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Sisters say they never intended to keep four fawns as pets

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VESTABURG, Mich. - The sisters from Montcalm County who took four fawns into their home are sharing their side of the story first with FOX 17.  They say they never intended to keep the deer as pets.

Karen Hofstetter, 25, said Thursday she intends to fully pay her $575 fine after she pleaded guilty for one count of deer parts possession, in exchange to drop the three others which totalled $4,000 in possible fines. She and her sister Chelsea say they were raised being taught to help animals in need, and felt they were doing so in this case.

“We saved the fawn, called the DNR, they told us there was nothing they could do and to put it back where we found it," said Hofstetter. "I wasn’t putting it back in the dog’s mouth, and I wasn’t putting it back in the middle of the river, that doesn’t work for me.”

The sisters found the four fawns during two trips kayaking the Pine River near their Vestaburg home

Hofstetter says she and Chelsea rescued the first fawn mid May from a neighbor's dog, though she says she gave this fawn to a cousin to care for it.

Michigan Department of Natural Resources Officer Josh Russell told Hofstetter to immediately return the fawn. He explained that does initially leave their newborn fawn to avoid passing on any scent, but return to care for them.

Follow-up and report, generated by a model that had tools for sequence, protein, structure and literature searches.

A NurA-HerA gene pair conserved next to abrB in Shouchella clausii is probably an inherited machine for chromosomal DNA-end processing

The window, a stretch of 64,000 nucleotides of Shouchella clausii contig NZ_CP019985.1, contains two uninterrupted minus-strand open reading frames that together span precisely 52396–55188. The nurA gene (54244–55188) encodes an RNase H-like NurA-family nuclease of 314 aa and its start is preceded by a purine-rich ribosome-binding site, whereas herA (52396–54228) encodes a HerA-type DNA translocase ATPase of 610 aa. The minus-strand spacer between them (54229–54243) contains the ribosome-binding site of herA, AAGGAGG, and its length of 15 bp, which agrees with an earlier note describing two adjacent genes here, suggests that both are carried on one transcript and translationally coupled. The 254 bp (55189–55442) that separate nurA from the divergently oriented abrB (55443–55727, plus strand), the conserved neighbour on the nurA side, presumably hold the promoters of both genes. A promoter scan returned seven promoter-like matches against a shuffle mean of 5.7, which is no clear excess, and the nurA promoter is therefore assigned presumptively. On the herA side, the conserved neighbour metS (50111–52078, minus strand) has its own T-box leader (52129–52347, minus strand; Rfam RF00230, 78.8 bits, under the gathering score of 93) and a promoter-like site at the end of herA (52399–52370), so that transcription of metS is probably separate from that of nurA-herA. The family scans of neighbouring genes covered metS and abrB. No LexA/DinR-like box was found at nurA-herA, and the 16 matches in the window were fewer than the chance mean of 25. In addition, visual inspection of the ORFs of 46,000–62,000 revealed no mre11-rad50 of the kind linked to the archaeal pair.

Then, one week later, the girls say they found triplet fawns and again thought they needed help, finding them in a puddle crying.

"They were crying, I didn’t know the mom was going to come back," said Hofstetter's sister Chelsea. “Yeah we took them because we figured we were saving them, but in reality obviously we weren’t. And I definitely regret it now that lesson learned.”

The pictures Hofstetter posted on Facebook-a selfie with one fawn, then three fawns inside her bedroom-without context were damning. She says they never intended to keep them as pets, and gave the three to family friends who were trained to raise deer.

“As soon as we got back here, I called, they were gone within an hour and a half, my mom didn’t even know they were here until I showed her a picture and she freaked right out," said Hofstetter. "I was like, ‘they’re gone! We ain’t got no pets, they’re gone!’”

The sisters apologized but said they were frustrated with the DNR banging on their door early in the morning.

“They were all mad because I argued with them and told them off here but it’s like 7:30 in the morning, you’re pounding on the door like the damn SWAT team," said Hofstetter. "Who’s not going to have an attitude when you can hear them over the generator?”

Taking her anger to Facebook, Hofstetter posted a series of vulgar statements toward the DNR, then wrote a final threat saying she would kill wild animals from this point on. She says she regrets it and never meant it.

“I’ve never actually killed an animal in my life in all honesty, I don’t know if I could, and I’m sorry I posted it," she said.

Lessons learned to not intervene with nature.

“People can be haters and drink their haterade and have whatever assumption of me, I don’t care," said Hofstetter. "I know who I am and I sleep okay at night knowing that I tried.”


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  • Gigantic Johnson

    Dang y’all. She lucky she white or her family would probly be plannin a funeral bout now.

  • Commonsense

    WXMI, why did you put this white trash in a news story? They would be better served by speech and mental health therapy!